“We create a strong, stable and high carbon price in Europe that makes the European coal phase-out by 2030 more likely and initiates the gas phase-out. [... However] that is not enough for the Paris climate agreement. This is not yet a man-on-the-moon moment. The work is beginning only now to make the climate transformation a success. If pollution allowances from the earlier coal phase-out are retired, we can raise the climate targets to at least 60 percent by 2030.”
Lukas Köhler, member of parliament from the FDP
The agreement is a “milestone for climate action in Europe,” Köhler said in on Twitter. “EU emissions trading is being extended to transport and buildings! What was demanded for years by the FDP and smiled at by many as utopian is now becoming reality.”
Ottmar Edenhofer, director of the Potsdam Institute for Climate Impact Research (PIK)
“The package is a breakthrough,” Edenhofer told public broadcaster Deutschlandfunk. “The fact that we now have a more stringent emissions trading system for industry and the electricity sector, a second one for buildings and transport, and also a social fund, are three very important building blocks for achieving the goals of Fit for 55.” Edenhofer criticised the 45-euro price cap in the new emissions trading system for buildings and transport as one downside of the deal. “That is far too weak.”
Wilfried Rickels, IfW Kiel
“The EU is achieving a major breakthrough in efficient climate policy,” said Rickels. “Unlike its American partner, the EU is relying on a market-based solution through emissions trading, which stands for avoiding emissions where it is cheapest.” Rickels said the EU should now consider how to integrate allowances for CO2 removals in the ETS, since prices in the system would fluctuate significantly as ETS allowances are being reduced with the reform over the coming years and market participants react.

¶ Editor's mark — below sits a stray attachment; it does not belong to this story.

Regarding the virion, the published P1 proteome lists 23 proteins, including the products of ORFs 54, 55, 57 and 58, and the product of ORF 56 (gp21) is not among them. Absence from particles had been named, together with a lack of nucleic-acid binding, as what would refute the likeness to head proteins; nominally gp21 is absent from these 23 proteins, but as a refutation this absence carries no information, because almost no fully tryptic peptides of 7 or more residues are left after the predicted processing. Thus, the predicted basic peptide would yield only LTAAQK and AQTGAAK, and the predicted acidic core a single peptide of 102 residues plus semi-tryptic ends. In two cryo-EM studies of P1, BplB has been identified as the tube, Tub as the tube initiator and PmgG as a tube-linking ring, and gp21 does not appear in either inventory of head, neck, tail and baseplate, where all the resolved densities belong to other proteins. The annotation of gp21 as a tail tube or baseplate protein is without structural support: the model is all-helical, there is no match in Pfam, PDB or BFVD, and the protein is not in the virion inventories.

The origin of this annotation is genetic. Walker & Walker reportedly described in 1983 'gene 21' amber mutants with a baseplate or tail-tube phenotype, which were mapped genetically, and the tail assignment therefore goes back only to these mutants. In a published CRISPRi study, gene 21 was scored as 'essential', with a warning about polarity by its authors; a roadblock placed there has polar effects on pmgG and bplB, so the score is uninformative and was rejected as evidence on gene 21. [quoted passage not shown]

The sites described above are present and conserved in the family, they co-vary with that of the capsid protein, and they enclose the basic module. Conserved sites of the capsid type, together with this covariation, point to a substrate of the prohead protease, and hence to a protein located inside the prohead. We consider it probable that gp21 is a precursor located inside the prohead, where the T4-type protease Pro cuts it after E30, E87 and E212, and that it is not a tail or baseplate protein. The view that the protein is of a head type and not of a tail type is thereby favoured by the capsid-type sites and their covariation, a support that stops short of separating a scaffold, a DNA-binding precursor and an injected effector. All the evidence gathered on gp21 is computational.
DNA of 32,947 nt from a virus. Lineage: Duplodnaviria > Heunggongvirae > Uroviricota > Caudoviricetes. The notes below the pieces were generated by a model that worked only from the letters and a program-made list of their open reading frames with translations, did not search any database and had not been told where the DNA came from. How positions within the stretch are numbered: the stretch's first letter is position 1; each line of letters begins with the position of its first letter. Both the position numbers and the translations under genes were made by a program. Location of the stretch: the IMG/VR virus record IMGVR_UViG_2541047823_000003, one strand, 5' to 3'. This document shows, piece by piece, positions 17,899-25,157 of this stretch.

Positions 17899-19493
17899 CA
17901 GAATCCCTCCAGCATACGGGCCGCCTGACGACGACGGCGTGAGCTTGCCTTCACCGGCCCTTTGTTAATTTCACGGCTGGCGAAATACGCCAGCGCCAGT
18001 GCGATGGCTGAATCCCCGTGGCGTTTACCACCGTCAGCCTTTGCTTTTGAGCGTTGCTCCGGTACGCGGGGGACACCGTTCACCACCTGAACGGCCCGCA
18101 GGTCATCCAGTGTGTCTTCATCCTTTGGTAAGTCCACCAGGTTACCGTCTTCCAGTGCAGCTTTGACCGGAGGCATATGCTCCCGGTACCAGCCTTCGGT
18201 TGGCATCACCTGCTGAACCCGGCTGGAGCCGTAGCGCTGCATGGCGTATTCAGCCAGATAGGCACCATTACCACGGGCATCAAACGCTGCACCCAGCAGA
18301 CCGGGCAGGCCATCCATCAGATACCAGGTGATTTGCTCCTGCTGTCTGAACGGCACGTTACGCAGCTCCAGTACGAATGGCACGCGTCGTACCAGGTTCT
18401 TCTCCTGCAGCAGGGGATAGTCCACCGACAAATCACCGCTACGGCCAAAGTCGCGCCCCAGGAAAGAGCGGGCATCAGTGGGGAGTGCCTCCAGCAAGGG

Florian Schöne, DNR (umbrella organisation of German environmental NGOs)
“The agreement between the European Commission, the Council and the European Parliament strengthens European climate policy, but is not enough for the 1.5 degree target in the Paris Climate Agreement,” said Schöne. He welcomed that member states must use all revenues from emissions trading for climate action, the phase out of free allocations for industry, and the new ETS for buildings and transport. However, he criticised that free allowances will not be phased out until 2034, and that the Social Climate Fund is too small, “not least due to pressure from Germany. We would have expected more from the coalition government”.
Bertram Brossardt, vbw (association of Bavarian industry)
Brossardt commented on plans for a carbon border adjustment mechanism: “If the instrument is introduced, it must be practicable. Trade conflicts must be prevented at all costs, as well as new bureaucratic burdens. In addition, it is essential to find solutions for dealing with multi-linked value chains. There must be no further price increases for processing companies in the EU and EU exports must remain competitive on the world market. The introduction of the CBAM is only acceptable if export companies, which no longer receive free allowances, are reimbursed their CO2 costs when exporting. The postponement of the decision on export rebates is disappointing.”